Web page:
I am a little late posting this. I baked these buns on Sat 21 April, but life got in the way of me posting before now. Ah, well; it won’t be the last time this happens!
And now for something completely (well, slightly) different. This is my next bake, for the Mellow Baker’s, from Dan Lepard’s The Handmade Loaf, and it’s not a loaf of bread. These are flaky butter buns – a sort of savoury croissant – and quite unlike anything else I have baked.
This was not a difficult bake, but it did take three days from start to finish. It’s not as labour intensive as that makes it sound; for most of that time the dough sat in the fridge.
This bake began, as most do, by weighing out the ingredients. This is where I made two mistakes: firstly, instead of letting the milk warm to 20°C, I used it straight from the fridge. What a mistake! No dough is going to rise like that… except my second mistake was to add three times the required amount of yeast, so I reckon they cancel each other out! The yeast error is due to me using instant yeast, whereas Dan Lepard’s recipes specify fresh yeast. In practice, they are interchangeable as long as you remember to divide the fresh yeast weight by three; I forgot until it was too late.
When mixed together, the dough was very stiff. The recipe tells us to “mix with your hands until you have a firm dough”. Well, to achieve that, I had to tip it all out onto the workshop and give it a good kneading.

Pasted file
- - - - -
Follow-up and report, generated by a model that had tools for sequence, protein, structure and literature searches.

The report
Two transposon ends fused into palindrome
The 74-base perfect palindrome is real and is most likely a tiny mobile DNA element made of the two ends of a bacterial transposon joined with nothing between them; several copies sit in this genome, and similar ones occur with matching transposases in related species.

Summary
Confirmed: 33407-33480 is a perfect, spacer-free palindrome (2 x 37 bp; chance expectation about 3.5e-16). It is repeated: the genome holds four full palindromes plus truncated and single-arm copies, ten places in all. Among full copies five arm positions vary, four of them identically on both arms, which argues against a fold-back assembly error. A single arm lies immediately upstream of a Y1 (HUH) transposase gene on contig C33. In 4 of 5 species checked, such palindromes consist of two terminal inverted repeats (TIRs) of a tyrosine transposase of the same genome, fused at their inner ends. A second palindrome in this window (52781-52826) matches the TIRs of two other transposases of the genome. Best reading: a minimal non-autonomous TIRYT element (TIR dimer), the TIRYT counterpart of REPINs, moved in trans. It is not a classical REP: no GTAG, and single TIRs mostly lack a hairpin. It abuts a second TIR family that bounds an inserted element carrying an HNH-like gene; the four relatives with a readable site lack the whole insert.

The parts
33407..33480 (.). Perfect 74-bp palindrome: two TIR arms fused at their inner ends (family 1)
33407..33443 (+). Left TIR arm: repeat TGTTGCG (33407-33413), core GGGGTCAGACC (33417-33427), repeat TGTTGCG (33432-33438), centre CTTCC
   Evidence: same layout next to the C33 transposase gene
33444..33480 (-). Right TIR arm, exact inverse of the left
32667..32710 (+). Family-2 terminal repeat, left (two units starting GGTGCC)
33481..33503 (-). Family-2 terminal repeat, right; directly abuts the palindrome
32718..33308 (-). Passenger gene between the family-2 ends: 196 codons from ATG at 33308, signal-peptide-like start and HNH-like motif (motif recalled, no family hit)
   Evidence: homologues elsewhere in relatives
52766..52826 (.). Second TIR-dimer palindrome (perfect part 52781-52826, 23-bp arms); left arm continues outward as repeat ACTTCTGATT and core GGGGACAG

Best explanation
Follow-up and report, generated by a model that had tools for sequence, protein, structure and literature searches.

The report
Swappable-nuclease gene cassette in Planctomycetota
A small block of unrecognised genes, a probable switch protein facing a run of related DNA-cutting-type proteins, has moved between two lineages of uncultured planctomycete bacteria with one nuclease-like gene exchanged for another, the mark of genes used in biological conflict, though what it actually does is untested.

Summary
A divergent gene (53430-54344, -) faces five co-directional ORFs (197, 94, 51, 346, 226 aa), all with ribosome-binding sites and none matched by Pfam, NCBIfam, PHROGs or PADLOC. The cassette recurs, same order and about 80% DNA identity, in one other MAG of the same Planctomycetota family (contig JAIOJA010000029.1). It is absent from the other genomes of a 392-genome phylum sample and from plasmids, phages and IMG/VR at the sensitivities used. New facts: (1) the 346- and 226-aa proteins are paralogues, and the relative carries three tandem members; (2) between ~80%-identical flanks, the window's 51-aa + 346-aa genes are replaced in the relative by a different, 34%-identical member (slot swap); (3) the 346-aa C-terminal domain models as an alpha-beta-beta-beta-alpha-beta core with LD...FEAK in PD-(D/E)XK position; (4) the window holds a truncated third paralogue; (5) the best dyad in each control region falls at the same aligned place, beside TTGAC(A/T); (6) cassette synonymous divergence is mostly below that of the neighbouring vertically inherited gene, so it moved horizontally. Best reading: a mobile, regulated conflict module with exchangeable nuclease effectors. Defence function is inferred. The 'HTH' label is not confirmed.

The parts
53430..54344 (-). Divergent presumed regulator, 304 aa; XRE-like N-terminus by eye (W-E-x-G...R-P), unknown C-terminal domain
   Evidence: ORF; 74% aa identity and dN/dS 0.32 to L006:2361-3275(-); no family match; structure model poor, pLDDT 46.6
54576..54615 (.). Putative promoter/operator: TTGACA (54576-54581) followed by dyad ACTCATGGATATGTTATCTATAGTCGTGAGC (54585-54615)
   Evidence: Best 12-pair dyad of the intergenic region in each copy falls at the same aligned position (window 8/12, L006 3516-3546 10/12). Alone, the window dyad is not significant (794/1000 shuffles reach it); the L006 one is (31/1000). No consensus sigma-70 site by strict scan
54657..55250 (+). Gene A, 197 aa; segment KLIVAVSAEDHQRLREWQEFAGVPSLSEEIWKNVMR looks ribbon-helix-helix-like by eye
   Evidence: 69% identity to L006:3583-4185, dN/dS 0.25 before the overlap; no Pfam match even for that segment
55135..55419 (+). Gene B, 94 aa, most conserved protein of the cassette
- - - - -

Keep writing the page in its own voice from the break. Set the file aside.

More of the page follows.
…and layered with butter. I should point out that this is as close to a rectangle as I could manage to roll. If anyone has any good tips for improving that (other than trimming it down) then please leave a friendly comment!
Next the folding and rolling cycle began, which I found to be easier than I expected. Having failed at croissants in the past, I really appreciate Dan Lepard’s “slices of butter” approach, instead of the “roll out the butter” method which I have tried to follow previously.
I struggle to throw out any dough I work with, so I reformed the offcuts, rolled and cut again. The front five were the first set; those behind represent various generations of reformed offcuts. I know the layered structure will be malformed but, when the alternative is through them out, what did I have to lose?
Not much to talk about day three. Once I had been woken (far earlier than I would have liked!) I removed the buns from the fridge, heated the oven and then baked them in time for breakfast. I followed Dan’s advice and stuffed them with bacon.
It was a very nice breakfast. However, we struggled a little to find good ways to eat the rest. It seemed odd to eat then plain, but we didn’t want to add much in the way of toppings, considering how much butter was already present! Probably the best use we found was to accompany some home-made soup.
Would I bake them again? I’m not sure; probably not. But I am glad I baked them this time, and feel I have learnt a lot about how to handle dough/butter layers. Maybe I’ll give croissants another go.